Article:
The following changes in the duties have been proposed in the Union budget 2009-10:
- Excise duty on naphtha to be reduced to 14%.
- Excise duty on PTA and DMT to be increased from 4% to 8%.
- Excise duty on acrylonitrile to be increased from 4% to 8%.
- Excise duty on paraxylene to be maintained at 4%
- Minimum Alternate Tax (MAT) to be increased to 15% of book profits from 10%. The period allowed to carry forward the tax credit under MAT to be extended from seven years to ten years
- Service Tax to be imposed on the following services: Service provided in relation to transport of goods by rail; Service provided in relation to transport of coastal cargo; and goods through inland water including National Waterways
- The Assam Gas Cracker Project sanctioned in April 2006 is being executed at a cost of Rs.5,461 crore. The capital subsidy of Rs.2,138 crore for the project is to be provided by the Central Government. The outlay for this project is being stepped up suitably.
- Fringe Benefit Tax (FBT) on the value of certain fringe benefits provided by employers to their employees to be abolished.
- Introduction of the Goods and Services Tax (GST) with effect from 1st April, 2010
- Import duty on polymers, chemicals and fibre intermediates should be rationalized and increased to 10% from current 5%.
- Customs duty on capital goods imported by Petrochemicals industry be made 'nil' and the customs duty on catalysts imported for use in manufacture of petrochemicals (like EDC, VCM and Styrene) be made 'nil'.
- Reduction in excise duty
Petrochemical industry is already hit by high volatility in crude prices. Union Budget 2009-10 however provides no major announcement to help the sector.
The levy of service tax on transport of goods through railways and through coastal cargo, inland water including national waterways can lead to hike in transportation costs of the petrochemicals; this will be in addition to incremental road transport cost due to hike in petrol and diesel prices.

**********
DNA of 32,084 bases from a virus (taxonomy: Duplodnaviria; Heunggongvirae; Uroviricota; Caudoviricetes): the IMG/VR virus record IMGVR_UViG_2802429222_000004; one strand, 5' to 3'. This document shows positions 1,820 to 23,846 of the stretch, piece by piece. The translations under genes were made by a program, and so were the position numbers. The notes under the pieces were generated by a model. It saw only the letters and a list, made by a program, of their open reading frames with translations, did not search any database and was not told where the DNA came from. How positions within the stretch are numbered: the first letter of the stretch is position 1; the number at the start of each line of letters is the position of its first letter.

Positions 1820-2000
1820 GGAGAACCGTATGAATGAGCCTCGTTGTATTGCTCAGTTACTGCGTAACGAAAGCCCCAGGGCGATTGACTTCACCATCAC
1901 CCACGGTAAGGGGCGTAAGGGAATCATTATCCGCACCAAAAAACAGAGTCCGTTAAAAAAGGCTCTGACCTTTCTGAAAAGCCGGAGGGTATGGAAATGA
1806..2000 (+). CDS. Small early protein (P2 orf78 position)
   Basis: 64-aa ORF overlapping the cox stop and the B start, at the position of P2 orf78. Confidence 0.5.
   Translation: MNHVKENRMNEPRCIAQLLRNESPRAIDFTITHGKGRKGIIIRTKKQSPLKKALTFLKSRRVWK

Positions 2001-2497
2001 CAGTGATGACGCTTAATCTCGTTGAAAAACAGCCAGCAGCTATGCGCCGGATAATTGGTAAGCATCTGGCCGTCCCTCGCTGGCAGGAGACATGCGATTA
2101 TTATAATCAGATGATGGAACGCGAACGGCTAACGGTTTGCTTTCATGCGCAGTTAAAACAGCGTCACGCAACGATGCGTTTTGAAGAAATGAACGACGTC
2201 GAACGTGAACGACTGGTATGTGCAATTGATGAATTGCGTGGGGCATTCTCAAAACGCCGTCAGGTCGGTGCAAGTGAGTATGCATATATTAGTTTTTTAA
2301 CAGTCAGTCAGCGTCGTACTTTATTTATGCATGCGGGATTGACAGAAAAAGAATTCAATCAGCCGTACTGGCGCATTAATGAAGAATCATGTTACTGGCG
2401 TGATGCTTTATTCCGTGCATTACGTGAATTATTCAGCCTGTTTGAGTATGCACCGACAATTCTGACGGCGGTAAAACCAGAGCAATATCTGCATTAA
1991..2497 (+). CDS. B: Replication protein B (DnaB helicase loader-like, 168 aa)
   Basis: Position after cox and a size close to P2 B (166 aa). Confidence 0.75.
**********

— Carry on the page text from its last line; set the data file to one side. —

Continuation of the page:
The hike in Minimum Alternate Tax (MAT) from 10% to 15% is an irritant for the corporate sector. On the positive side, this hike has come with a benefit of extending the period allowed to carry forward the tax credit under MAT from seven years to ten years.
Also, the hike in MAT will not be earnings dilative but will only be cash flow dilative. The increase in liability towards MAT will be matched by an incremental deferred tax credit. Hence, the net profit or EPS of a company will not change due to hike in MAT from 10% to 15%.
But it will mean increase in cash outflow, and if the company is not returning to profits as per Income tax act within ten years, then it may have to forego them. So, from a current year(s) point of view, increase in MAT from 10% to 15% is not earnings dilative but cash flow dilative. On the other hand, the removal of Fringe Benefit Tax (FBT) is a major positive for Corporate India [ Images ].
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Union budget provides no major fillip to the ailing sector. Petrochemical industry in recent times has been hit hardly by the volatility in crude prices and demand destruction worldwide due to global recession. Indian petrochemical industry too performed meekly.
The levy of service tax on transport of goods through railways and through coastal cargo, inland water including national waterways can lead to hike in transportation costs of the petrochemicals. This will be in addition to incremental road transport cost due to hike in petrol and diesel prices.
Globally import duty on polymer ranges from 6.5% (Europe and USA) to as high as 30% in Malaysia. In Saudi Arabia it is at 12.5% where feedstock cost is almost one-sixth in India.